@Orbit – what a beautiful, evenly browned quiche!  And it hasn’t “sunk” – mine always sink.  I’ve been swearing that I’m going to try the Thomas Keller one since Bouchon came out - 16 years ago.  LOL

 

@liuzhou – I really like the “loose” look of your ragu.  Mine always ends up so “homogenized”, if that makes any sense.  I like it, but sometimes I’d like it to be more like yours – with the separate ingredients still intact. 

 

@alwaysdrawing – that hummus and the marinade look fantastic.  Just put a hold on Zahav at my library. 

 

@Dejah – that turkey meat looks gorgeous – perfectly cooked and juicy.  How was it cooked? 

 

On Thursday I did some stir fried noodles with various vegetables:

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Onions, broccoli, snow peas, and water chestnuts.

 

Served with honey roasted carrots and chili-glazed roasted shrimp:

IMG_4696.jpg.a2440c87427b7ce42eab22f740d5c00a.jpg

The carrots were from Mr. Kim’s garden and I over-cooked them a bit.  But they tasted good (almost edible from my standpoint😁).  I used the sweet chili sauce on the shrimp – they were tasty enough for Mr. Kim and not too spicy for me. 

 

Friday was a friend’s recipe for lentil soup.  It is cooked, then pureed.  Before blending:

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After blending:

IMG_4709.thumb.jpg.f5af80badf5149c60fb340879479e7b6.jpg

It took twice as long to cook as her recipe suggested and I think it was still slightly undercooked – there were little hard bits of what I’m sure were lentils.  The flavor, however, was beautiful.  Funny how it looks so much like @weinoo’s chana masala.

 

The accoutrement:

IMG_4705.thumb.jpg.5acf638a3d047e9d33b743067dfcde99.jpg

Paprika oil, cayenne, mint, and lemon.  I served some cheese and a sourdough miche to go with it:

IMG_4706.jpg.2044417aac10590f5259635569b98790.jpg

 

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And the last of that beautiful rye bread:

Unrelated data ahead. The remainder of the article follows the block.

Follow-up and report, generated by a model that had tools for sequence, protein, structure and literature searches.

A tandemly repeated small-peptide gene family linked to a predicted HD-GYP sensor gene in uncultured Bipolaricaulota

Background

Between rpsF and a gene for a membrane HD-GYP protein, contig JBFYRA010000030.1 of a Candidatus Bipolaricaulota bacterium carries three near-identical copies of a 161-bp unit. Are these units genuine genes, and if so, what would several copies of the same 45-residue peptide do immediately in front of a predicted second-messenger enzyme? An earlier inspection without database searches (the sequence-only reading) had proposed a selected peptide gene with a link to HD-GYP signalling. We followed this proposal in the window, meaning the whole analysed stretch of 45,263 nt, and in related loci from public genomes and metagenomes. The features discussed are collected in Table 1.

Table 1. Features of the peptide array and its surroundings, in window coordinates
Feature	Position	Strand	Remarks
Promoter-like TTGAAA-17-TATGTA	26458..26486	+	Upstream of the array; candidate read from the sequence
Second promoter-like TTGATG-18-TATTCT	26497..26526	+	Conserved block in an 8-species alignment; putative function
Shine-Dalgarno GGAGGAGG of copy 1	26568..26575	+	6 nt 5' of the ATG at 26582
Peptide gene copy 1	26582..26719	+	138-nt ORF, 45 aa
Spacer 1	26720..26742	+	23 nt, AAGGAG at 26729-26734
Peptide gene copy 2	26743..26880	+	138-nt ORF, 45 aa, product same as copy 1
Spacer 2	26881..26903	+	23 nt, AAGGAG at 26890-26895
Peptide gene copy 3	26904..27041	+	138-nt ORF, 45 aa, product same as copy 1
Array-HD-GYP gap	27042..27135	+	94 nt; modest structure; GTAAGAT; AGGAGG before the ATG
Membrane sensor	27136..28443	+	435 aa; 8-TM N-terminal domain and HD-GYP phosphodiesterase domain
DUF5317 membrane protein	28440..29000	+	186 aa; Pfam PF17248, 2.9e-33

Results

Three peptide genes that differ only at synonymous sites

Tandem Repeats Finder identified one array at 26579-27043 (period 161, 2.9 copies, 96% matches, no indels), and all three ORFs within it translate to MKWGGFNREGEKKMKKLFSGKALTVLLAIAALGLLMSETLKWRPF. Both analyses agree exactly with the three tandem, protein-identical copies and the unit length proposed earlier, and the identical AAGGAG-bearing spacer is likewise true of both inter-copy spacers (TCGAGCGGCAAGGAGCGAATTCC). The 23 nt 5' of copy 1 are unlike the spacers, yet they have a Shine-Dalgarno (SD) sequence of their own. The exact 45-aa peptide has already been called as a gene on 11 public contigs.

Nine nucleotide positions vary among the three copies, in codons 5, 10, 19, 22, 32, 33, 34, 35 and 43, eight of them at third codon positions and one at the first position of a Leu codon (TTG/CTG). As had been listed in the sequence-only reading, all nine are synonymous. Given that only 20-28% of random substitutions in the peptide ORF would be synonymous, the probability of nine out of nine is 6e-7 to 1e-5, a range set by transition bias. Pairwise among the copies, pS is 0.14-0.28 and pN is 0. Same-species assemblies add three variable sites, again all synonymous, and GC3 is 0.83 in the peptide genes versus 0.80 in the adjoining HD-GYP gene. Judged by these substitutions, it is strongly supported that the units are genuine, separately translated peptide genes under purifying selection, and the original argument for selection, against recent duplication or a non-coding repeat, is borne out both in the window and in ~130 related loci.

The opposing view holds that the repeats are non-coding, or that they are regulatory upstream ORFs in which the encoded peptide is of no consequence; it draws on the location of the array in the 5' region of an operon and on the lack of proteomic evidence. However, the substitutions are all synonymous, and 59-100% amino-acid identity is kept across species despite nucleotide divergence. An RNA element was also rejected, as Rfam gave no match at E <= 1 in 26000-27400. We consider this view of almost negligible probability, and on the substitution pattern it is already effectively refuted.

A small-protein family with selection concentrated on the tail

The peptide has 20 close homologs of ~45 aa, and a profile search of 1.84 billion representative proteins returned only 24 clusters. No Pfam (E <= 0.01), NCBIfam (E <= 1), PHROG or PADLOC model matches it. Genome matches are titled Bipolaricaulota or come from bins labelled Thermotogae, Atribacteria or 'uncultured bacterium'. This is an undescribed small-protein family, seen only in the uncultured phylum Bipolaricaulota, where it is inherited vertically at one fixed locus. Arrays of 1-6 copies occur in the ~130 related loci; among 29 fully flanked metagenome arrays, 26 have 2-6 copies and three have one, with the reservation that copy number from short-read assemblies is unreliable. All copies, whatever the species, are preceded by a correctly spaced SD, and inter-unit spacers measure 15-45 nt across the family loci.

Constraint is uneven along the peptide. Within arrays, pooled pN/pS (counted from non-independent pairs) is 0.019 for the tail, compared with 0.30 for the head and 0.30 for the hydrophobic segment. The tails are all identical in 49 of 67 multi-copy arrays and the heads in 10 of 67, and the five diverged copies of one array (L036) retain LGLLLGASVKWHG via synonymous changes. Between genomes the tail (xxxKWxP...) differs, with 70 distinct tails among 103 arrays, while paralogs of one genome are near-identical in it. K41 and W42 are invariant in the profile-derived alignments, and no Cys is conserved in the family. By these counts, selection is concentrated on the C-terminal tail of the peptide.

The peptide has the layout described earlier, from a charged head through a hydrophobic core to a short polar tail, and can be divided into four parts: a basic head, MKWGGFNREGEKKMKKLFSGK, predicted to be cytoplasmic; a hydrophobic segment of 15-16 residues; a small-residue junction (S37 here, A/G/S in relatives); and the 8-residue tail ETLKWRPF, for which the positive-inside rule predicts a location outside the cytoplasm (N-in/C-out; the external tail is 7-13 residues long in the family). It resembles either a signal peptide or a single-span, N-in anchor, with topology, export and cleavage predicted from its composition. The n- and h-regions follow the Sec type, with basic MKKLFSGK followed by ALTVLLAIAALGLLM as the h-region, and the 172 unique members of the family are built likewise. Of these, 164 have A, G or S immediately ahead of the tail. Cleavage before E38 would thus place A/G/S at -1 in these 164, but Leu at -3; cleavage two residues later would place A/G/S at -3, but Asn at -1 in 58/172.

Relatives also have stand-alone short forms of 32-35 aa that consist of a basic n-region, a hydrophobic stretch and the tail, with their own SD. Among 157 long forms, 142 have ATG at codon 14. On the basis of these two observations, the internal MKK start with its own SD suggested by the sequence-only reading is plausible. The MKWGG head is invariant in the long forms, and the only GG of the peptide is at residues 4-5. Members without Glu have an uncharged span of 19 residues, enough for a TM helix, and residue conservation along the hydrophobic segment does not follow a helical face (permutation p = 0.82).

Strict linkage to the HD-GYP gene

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This was so perfect with the soup.  My friend suggested either sourdough or rye.  They were both good with it, but the rye was by far the best.

 

Last night was a recipe that @liamsaunt made last month and kindly responded to my request for some direction.  It was an Ina Garten recipe for baked haddock.  Rubbed with oil and S&P and baked, then topped with a cracker/panko crumb mixture and surrounded with some white wine and lemon juice and baked a little more.  It is supposed to be done in individual dishes, but I don’t have any, so I used my large sauté pan:

IMG_4720.jpg.e5052de08199218e4163e777d4f55780.jpg

 

Served with boiled potatoes:

IMG_4721.jpg.2b754fcac7ca598cf2e1858bfb669854.jpg

 

IMG_4722.jpg.a3465f3715b0d4b021dbb1a7bd7de8f4.jpg

Thank you, @liamsaunt!

 

Also, a salad with a lemon vinaigrette and sourdough miche:

IMG_4719.thumb.jpg.5a83559a4a86cbde4572bd2b9ebca706.jpg

 

IMG_4718.jpg.4185a322bf03d5eabd5bff195e73c8f8.jpg

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Usually in January and into February I bring back some of my favorite Asian dishes, starting with this BBQ Pork Lo Mein.  I love making it at home so I can be creative, mixing up the ingredients but always keeping the same noodles and sauce. I'm not constrained by a menu, don't wait for delivery, and the leftovers are delicious cold.  For breakfast!

Chinese BBQ Pork Lo Mein.JPG

 

12 oz. fresh Chinese egg noodles

3 tbsp. soy sauce

1 1/2 tbsp. oyster sauce

1/2 tbsp. Chinese rice wine or dry sherry

1 1/2 tsp. honey

1 tbsp. vegetable oil

1 tbsp. sesame oil

3 cloves garlic, minced

1 tbsp. grated ginger

3 green onions, cut in 1" lengths

6 shiitake mushrooms, stem cut off, sliced

8 oz. Chinese BBQ pork, cut in strips

1 1/2 cups fresh bean sprouts

 

Bring a pot of salted water to the boil. Add the noodles and cook for 2-3 minutes. Drain the noodles and set aside.

 

In a small bowl, combine the soy sauce, oyster sauce, Chinese rice wine and honey.

 

Heat a wok or large frying pan over medium-high heat and add the vegetable oil and sesame oil. Add the garlic and ginger and quickly stir-fry for 30 seconds. Add the green onions and mushrooms and stir-fry for another 1 minute. Add the Chinese BBQ pork and the noodles and stir-fry another 1 minute. Add the sauce and the bean sprouts and toss so to coat the noodles. Serve hot.